My Rocky Mount Life: Part Ten

I’ve been out and about the last couple of weeks celebrating the Fourth of July in particular and summer in general, but I’m back, as promised, with the final installment of reasons why I enjoy my Rocky Mount life. Here are the final five.

#1. A Bit of Country

Rocky Mount is anything but a concrete jungle. Within the city limits, it’s easy to find fields and woods. I pass by this pastoral scene every time I travel my section of Halifax Road. An old country girl like me enjoys seeing a dusty dirt path circling a peanut field. And nothing says Eastern North Carolina like a handmade sign hawking pecans for sale.

Country scenes within the city are a place to rest my eyes.

#2. Wesleyan College

Speaking of pastoral settings, there’s not a prettier campus than the one at Rocky Mount’s Wesleyan College. Founded in 1956, the school is Methodist-affiliated and allows Rocky Mount to be called a college town.

According to the website ncwc.edu, in 2015, North Carolina Wesleyan was recognized as the fastest growing private college in North Carolina by NC Independent Colleges & Universities. Pretty impressive.

One of my favorite parts of campus is the Bellemonte House. This lovely plantation home, dating to 1817, is listed on the National Register of Historic Places. The house used to be visible from Highway 301 but in 2016 was moved to its present location on the back side of campus.

The Bellemonte House operates as a bed and breakfast and is open for special functions. I once went to a lovely Christmas tea party there.

#3. Machaven

While I’m on the topic of historic homes, let me sing praises for Machaven. Located on Grace Street in the Villa Place neighborhood, Machaven was built in 1907-1908. Years ago, it was restored and served as a venue for dining and special events. I remember attending parties there in the 1990’s. One, a Junior Guild fundraiser, was held in the winter, with huge enclosed, heated tents set up on the grounds. My youngest sister hosted her wedding reception at Machaven in 1991. A favorite family anecdote involves my nephew, then a toddler, falling in a koi pond on the front lawn.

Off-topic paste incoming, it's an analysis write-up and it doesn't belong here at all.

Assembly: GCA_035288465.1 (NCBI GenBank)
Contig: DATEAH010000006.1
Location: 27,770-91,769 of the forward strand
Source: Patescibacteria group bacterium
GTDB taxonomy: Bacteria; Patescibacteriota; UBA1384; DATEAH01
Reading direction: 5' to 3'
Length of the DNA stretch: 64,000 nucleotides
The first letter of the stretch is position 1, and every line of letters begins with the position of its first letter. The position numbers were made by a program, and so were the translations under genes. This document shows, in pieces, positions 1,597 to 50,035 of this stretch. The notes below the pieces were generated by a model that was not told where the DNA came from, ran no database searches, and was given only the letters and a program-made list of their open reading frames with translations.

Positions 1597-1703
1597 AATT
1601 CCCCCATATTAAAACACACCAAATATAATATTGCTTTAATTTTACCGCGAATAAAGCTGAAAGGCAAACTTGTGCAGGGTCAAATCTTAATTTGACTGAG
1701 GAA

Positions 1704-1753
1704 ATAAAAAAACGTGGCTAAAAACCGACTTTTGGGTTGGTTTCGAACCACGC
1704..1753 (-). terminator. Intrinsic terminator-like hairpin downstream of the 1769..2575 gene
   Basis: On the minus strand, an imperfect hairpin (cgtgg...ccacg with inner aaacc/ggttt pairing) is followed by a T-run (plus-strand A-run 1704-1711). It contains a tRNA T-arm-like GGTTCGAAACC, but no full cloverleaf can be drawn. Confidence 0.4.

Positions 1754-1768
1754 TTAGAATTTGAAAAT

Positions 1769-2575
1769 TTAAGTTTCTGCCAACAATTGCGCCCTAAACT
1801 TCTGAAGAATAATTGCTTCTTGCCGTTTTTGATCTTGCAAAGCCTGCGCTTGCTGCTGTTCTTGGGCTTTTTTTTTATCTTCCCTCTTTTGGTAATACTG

MacHaven was dormant for several years, but–good news–is again open for business. The house and grounds look grand. Who wouldn’t want a 2021 wedding reception here?

#4. Battle Park

I’ve mentioned Battle Park before when I talked about Rocky Mount’s superb walking trail. But I’ve been encouraged by a couple of you readers, and rightly so, to say more about the park.

Battle Park constitutes the hub of the Tar River Trail. I’m a walker, so I appreciate the shaded paths and the views of the river. During COVID, a stroll in Battle Park became my alternate Sunday morning church service.

But Battle Park is more than just a walker’s venue. I’ve seen cyclists in Battle Park and families with picnics. There’s a boat landing, and my husband has many childhood memories of fishing for shad at night in the Tar River at Battle Park. If you walk far enough into the park, you’ll encounter a wooden suspension bridge, one of the largest in America.

I love the history of Battle Park, too. Rocky Mount’s first post office was located here, and the story goes that Rocky Mount got its name from the “rocky mounds” that populate the park. And of course, the historic Rocky Mount Mills is located adjacent to the park, just on the other side of the Tar River.

Battle Park is a beautiful oasis off the busy Falls Road leading to and from downtown Rocky Mount.

#5. Almand’s Drug Store

With a Walgreens or CVS on many a street corner, I appreciate anybody who still has a family-owned drug store. Almand’s, with one location at Westridge Shopping Center and one on Tarboro Street, has been around for many, many years. I remember going to the old downtown Almand’s as a child when drug stores used to serve lunch. My mother would order hot dogs for our tribe (there were six of us!).

Today, I visit Almand’s Drug at Westridge. Husband and wife Richard and Anjum Kos bought the business a few years ago and are continuing the drug store’s tradition of personal service for Rocky Mount residents. Their personal service for me extended to their graciously agreeing to stock my novel Ms. Dee Ann Meets Murder, giving locals a chance to buy the book without using Amazon!

Some, but not all, good things must come to an end. Although this is my last installment of the series highlighting why I enjoy my Rocky Mount life, I’m sure there are more examples of what’s good about my, and possibly your, hometown. Thanks for joining me in my celebration.

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